Sanders was so fast that opposing quarterbacks considered it too dangerous to challenge him by passing to his covered receiver, for the fear that Sanders would return an interception for a TD, which would earn him the Defensive Player of the Year Award in 1994 with the San Francisco 49ers.
That reputation made Sanders the most prominent example of an unorthodox weapon in the NFL. Sanders would be pivotal in the Dallas Cowboys victory of 27-17 in Super Bowl XXX on Jan. 28, 1996, because Pittsburgh QB Neil O'Donnell would spend the day attacking CB Larry Brown instead.
Brown, of course, won the Super Bowl MVP award for his interceptions that day, and famously received a big contract from the Raiders in free agency but flopped.
The NBC show Friends also famously followed Super Bowl XXX, which aired a two-part episode, "The One after the Super Bowl."
Sanders and Bo Jackson would also take advantage of opportunities with touchdown celebrations that would foreshadow the on-field antics of WR Keyshawn Johnson, WR Terrell Owens, WR Chad Johnson and others.
Sanders would ultimately tutor return specialist Devin Hester while Hester was at the U of Miami. Hester of course, would become an explosive return specialist for the Chicago Bears in 2006, which would spearhead their fortunes to appear in Super Bowl XLI.
Furthermore, the careers of the multi-sport athletes like Bo Jackson and Deion Sanders are easily the most prominent examples of the rise of the prima Dona, in the NFL. There were troubled players who came before them, but their careers highlight a rise in showboating, and controversial celebrations.
"The Greatest Show on Turf"
ESPN coined the term "Greatest Show on Turf" to describe the St. Louis Rams offense until several weeks into the 2000 season.
The first appearance of the term came when ESPN's Chris Berman, preparing to cover highlights of a 57-31 win over the San Diego Chargers that year, said to television audiences, "Forget Ringling Brothers; the Rams are the Greatest Show on Earth."
Over the following weeks, fans replaced "Earth" with "Turf" to signify the Rams' artificial playing surface, as well as, how well it served the Rams' already speedy offense. The media retroactively applied the term to the 1999 team, because the offensive philosophy and key players were the same.
The Greatest Show on Turf was anchored by running back Marshall Faulk, NFL Offensive Player of the Year for three consecutive years from 1999 through 2001, quarterback Kurt Warner, two-time NFL MVP, the receiving duo of Isaac Bruce and Torry Holt, as well as Az-Zahir Hakim and veteran Ricky Proehl.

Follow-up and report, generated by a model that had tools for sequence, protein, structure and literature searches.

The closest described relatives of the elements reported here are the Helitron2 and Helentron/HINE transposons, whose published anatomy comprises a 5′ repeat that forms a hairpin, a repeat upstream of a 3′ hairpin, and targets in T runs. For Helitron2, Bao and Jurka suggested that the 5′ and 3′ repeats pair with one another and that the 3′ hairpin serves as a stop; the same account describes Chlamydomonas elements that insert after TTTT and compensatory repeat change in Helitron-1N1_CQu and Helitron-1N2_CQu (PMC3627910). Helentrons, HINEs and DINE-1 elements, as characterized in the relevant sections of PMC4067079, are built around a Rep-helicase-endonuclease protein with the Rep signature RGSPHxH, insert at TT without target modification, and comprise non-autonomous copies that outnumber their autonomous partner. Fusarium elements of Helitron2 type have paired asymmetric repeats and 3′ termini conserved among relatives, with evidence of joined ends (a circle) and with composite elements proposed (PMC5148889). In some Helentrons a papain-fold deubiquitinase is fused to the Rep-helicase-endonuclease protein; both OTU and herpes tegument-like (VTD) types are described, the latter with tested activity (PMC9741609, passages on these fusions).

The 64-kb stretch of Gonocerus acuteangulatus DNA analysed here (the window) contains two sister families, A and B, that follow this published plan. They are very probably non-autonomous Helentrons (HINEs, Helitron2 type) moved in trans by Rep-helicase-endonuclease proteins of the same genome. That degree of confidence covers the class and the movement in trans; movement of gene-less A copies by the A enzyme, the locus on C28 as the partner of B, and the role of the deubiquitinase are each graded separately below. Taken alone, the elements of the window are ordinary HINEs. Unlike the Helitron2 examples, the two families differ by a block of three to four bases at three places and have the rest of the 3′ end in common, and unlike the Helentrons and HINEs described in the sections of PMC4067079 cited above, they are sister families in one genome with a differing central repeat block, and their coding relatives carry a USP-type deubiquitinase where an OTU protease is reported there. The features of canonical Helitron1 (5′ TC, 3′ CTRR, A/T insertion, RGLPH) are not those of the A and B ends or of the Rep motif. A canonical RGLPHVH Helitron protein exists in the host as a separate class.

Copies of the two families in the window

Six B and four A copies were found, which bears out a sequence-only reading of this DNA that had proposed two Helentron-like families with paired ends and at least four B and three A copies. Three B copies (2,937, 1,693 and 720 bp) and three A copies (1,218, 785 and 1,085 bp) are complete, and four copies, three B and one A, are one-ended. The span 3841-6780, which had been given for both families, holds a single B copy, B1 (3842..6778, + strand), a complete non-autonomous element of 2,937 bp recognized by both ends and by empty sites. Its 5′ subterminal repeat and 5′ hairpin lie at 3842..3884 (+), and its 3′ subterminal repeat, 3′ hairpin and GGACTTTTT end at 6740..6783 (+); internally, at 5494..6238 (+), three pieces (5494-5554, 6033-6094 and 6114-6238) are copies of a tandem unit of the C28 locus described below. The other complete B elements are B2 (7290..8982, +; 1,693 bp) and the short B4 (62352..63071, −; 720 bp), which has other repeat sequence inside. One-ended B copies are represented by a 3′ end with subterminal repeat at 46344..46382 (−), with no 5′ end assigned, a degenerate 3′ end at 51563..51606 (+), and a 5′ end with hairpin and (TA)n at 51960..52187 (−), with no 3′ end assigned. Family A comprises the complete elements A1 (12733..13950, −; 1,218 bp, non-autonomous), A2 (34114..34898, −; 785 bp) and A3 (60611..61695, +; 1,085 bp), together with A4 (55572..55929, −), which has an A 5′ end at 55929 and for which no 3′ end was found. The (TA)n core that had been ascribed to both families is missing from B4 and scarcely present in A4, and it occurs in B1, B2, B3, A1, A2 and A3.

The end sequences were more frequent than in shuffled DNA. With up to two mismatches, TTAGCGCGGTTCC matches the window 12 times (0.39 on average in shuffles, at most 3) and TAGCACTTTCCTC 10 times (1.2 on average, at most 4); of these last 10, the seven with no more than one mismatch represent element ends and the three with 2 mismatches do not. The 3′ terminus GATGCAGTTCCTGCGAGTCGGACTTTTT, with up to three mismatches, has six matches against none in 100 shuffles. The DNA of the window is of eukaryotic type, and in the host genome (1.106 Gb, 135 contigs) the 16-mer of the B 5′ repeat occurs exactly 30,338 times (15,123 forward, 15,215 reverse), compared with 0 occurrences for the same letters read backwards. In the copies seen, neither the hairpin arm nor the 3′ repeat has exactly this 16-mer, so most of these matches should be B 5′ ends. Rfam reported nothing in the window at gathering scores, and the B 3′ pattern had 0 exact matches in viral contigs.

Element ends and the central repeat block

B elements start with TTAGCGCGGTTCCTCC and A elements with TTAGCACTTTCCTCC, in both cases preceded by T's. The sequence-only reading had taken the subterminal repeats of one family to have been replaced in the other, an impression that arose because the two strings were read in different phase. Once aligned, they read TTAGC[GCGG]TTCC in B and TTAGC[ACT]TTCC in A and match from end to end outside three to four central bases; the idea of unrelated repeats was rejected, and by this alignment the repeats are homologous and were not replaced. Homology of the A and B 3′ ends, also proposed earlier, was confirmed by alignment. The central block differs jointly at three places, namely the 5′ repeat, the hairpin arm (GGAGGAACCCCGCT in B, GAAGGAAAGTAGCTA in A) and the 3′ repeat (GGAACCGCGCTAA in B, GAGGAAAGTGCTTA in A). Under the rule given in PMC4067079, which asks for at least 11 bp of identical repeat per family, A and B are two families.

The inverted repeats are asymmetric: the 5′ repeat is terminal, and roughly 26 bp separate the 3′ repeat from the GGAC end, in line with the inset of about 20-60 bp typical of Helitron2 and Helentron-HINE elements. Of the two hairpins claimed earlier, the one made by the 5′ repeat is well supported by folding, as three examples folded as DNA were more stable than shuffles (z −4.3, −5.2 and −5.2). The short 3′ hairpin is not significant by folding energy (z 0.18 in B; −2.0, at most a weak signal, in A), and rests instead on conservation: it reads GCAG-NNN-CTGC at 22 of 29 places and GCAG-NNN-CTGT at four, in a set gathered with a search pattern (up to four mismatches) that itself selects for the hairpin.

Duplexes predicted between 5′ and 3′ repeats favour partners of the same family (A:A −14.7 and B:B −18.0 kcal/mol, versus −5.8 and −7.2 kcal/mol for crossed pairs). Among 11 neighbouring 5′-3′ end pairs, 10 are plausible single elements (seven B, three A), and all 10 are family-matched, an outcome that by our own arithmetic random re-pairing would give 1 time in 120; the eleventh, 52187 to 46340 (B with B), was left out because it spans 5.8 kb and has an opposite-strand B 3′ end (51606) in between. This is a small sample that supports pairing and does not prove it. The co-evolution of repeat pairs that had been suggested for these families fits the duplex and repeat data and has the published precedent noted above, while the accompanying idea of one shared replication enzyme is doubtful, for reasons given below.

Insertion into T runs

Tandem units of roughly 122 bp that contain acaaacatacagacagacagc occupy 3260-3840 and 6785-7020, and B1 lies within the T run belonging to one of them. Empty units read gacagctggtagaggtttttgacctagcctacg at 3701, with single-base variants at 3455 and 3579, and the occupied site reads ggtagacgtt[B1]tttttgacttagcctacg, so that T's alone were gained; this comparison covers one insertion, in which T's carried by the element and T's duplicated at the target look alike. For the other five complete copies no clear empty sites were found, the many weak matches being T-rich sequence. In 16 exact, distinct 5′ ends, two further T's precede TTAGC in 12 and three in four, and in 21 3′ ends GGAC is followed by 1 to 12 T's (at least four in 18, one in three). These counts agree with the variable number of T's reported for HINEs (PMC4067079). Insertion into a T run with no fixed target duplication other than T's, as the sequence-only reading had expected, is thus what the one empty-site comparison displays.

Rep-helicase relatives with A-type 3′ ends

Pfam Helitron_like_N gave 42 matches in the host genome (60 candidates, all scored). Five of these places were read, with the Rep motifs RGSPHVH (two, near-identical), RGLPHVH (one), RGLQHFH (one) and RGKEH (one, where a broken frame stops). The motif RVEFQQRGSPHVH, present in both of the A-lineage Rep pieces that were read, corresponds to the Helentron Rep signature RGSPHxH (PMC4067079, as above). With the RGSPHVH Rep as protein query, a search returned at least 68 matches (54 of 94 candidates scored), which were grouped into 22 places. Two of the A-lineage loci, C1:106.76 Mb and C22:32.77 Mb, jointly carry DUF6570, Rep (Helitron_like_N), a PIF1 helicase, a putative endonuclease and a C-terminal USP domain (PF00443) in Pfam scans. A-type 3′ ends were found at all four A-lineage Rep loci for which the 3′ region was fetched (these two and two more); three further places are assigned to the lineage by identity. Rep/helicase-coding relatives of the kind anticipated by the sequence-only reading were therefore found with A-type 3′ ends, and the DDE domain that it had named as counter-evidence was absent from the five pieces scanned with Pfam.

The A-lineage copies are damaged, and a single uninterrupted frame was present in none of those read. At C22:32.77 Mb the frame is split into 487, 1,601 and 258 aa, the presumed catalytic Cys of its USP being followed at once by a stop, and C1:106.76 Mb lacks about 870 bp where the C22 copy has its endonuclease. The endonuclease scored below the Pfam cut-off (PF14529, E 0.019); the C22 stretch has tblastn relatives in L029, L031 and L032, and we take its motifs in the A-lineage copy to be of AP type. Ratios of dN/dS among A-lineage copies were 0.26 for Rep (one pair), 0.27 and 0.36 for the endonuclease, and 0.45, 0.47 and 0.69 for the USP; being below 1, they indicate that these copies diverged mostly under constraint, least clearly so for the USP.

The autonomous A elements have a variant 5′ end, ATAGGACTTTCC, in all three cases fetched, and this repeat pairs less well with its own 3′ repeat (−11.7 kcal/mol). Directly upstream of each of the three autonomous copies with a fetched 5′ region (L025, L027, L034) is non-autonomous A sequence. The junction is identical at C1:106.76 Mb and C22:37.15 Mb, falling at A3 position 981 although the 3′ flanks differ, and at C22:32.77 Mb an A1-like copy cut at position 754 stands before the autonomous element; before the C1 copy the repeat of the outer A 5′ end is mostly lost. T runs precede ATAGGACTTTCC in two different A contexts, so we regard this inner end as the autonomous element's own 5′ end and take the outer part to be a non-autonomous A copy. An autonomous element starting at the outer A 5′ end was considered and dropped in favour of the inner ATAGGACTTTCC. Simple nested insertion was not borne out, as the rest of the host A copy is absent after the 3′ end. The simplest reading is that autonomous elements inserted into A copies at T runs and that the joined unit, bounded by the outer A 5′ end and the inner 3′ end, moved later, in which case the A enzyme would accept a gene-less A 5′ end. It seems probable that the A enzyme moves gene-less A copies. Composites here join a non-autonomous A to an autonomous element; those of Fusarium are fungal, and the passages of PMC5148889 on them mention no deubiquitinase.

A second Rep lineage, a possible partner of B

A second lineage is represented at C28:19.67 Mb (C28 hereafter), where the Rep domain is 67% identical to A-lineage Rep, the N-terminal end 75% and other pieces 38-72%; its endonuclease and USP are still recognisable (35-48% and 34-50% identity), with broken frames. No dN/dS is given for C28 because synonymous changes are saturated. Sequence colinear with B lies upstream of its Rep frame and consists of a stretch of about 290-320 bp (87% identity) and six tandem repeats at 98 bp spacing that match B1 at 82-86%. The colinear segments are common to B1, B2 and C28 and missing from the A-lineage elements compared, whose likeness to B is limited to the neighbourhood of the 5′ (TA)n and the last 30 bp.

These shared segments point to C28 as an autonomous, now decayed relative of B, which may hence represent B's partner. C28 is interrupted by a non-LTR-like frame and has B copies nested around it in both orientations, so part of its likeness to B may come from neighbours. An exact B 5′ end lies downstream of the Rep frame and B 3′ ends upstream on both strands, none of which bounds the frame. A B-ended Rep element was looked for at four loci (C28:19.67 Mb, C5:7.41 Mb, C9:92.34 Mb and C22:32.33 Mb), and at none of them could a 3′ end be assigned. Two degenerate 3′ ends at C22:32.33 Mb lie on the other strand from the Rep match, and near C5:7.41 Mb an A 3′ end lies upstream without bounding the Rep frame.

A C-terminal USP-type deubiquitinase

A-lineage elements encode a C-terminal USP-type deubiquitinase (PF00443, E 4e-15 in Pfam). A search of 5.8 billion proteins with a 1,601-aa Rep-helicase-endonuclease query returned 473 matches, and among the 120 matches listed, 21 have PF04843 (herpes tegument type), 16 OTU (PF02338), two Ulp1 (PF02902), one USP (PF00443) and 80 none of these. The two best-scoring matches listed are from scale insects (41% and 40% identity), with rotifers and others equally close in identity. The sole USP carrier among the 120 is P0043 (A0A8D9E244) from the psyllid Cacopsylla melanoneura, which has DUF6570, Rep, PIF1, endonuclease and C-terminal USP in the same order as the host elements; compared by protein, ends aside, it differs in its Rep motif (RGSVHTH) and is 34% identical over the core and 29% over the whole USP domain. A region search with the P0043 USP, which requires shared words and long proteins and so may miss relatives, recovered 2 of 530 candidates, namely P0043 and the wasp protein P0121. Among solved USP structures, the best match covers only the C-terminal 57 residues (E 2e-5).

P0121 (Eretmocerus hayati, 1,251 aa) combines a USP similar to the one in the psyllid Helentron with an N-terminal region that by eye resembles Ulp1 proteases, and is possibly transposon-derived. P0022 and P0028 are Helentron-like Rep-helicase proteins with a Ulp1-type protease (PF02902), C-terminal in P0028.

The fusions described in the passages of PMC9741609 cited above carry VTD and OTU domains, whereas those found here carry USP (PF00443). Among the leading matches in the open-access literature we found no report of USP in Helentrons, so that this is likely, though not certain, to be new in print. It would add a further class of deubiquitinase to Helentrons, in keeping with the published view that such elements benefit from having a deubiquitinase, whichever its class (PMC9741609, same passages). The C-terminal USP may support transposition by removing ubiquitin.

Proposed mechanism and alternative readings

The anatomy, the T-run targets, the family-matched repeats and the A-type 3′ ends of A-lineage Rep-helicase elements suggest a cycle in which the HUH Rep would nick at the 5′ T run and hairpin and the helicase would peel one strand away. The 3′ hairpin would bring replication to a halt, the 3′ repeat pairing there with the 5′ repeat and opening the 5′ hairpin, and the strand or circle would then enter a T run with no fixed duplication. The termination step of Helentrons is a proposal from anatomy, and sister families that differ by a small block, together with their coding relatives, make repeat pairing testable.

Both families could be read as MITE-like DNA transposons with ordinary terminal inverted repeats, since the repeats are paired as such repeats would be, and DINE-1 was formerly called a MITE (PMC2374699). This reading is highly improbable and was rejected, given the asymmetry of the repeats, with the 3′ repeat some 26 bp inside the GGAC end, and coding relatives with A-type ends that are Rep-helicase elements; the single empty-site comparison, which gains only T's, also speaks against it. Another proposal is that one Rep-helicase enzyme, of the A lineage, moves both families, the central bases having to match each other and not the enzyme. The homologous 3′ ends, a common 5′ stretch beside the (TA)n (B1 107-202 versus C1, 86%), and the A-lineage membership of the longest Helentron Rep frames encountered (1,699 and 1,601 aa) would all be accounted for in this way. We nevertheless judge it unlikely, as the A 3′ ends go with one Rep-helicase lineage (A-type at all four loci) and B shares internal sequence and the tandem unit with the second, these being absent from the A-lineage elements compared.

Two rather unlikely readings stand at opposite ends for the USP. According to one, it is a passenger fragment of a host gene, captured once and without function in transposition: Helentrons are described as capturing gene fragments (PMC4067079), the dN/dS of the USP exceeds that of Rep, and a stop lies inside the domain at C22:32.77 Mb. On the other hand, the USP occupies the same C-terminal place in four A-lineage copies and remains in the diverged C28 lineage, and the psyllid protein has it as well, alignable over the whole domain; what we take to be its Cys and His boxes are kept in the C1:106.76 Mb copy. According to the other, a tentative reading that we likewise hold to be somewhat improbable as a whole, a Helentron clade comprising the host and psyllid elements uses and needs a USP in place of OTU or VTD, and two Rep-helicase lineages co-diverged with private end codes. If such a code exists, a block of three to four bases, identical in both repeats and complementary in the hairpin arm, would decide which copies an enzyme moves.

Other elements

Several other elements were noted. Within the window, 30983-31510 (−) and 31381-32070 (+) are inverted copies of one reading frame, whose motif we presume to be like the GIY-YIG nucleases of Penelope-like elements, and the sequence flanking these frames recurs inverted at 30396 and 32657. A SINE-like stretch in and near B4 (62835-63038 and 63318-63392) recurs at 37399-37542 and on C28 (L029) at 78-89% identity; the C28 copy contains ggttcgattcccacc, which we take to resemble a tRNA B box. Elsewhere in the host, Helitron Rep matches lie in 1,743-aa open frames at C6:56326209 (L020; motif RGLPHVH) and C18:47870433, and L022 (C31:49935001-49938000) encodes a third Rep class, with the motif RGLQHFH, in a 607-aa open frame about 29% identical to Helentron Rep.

Together they became the only team in NFL history to score 500+ points in three consecutive seasons. No other team has ever done it two seasons in a row.
Quarterback Kurt Warner and running back Marshall Faulk finished first and second in MVP voting each of the three years, also an achievement unmatched by any offense in NFL history.
The Rams went 13-3, 10-6, and 14-2 in those 3 seasons, respectively, and reached the playoffs every year (interesting to note that in each of the three seasons, the Rams started 6-0 each time before dropping their first game).
In 1999, the team reached Super Bowl XXXIV and defeated the Tennessee Titans to claim the first franchise championship in almost half a century.
The Rams lost in the first round of the 2000 playoffs to the New Orleans Saints, but returned the next year to reach Super Bowl XXXVI, where they ultimately fell to the New England Patriots.
Though much less heralded, the St. Louis defense during those three seasons was critical to the overall team performance. In 2000, when the Rams scrambled just to reach the playoffs, the Rams defense ranked among the NFL's worst.
In 1999 and 2001, when the Rams reached the Super Bowl, the defense statistically ranked among the NFL's best—and ironically enough, it was a defensive stop known as "The Tackle" by Rams linebacker Mike Jones that gave the Greatest Show on Turf its championship.
"The Kick Heard 'Round the World" (2002)
February 3, 2002; New England Patriots vs. St. Louis Rams
In Super Bowl XXXVI, the underdog New England Patriots would upset the heavily favored St. Louis Rams on the final drive of the game with a 48-yard FG by kicker, Adam Vinatieri, to earn New England's first NFL title in franchise history over "The Greatest Show on Turf."
Vinatieri also made a 47-yard FG, in a snowstorm, a few weeks earlier in the "Tuck Rule Game" to tie the game against the Oakland Raiders, and then a FG to win the game.
During the "Tuck Rule Game," LS Lonnie Paxton famously made snow angels to celebrate the win, because he would make mock snow angels after the Patriots would defeat the Rams. Vinatieri's clutch-kicks in Super Bowls have earned him the reputation as a legitimate contender for the Hall of Fame, as a kicker.
The kick would also mark the beginning of an era for New England, which has included two more Super Bowl wins in 2003-2004 and 2004-2005, a Super Bowl appearance in 2007-2008, and a win-loss record of 86-26 (not counting 2000 and 2008).
"Seeds of Chucky" (2003)
January 26, 2003; Oakland Raiders vs. Tampa Bay Buccaneers
The Oakland Raiders would return to contention from 2000-2002 with Coach Jon "Chucky" Gruden and the shoulders of aging players like Jerry Rice, Tim Brown, and Rich Gannon.
Al Davis would also buck the orthodoxy of the NFL Draft by selecting K Sebastian Janikowski in the first-round of the 2000 NFL Draft, because a kicker was seen as their biggest hole for a team that had a small-window to succeed.
In 2000, Rich Gannon would lead the Raiders to the AFC Championship game during the 2000-2001 postseason against the Baltimore Ravens, where DL Tony Siragusa would intentionally injure Gannon to sideline him (the NFL fined Siragusa for the hit).
The Ravens would eventually win the game, and then defeat the New York Giants in the Super Bowl.
In 2001, Jerry Rice and Tim Brown became the oldest receiver tandem to record more than 1,000 reception yards in the same season, and Jerry Rice would explode in the 2001 postseason against the Jets, and thus prove that was still a viable veteran. The Raiders would lose the next week in Foxboro in the, "Tuck Rule Game."
After “The Tuck Rule Game” in 2002, Al Davis traded coach Jon Gruden to Tampa Bay for draft-picks while Gannon would earn the NFL's trophy for MVP when the Raiders posted an 11-5 record on Rich Gannon's record-setting numbers for passing.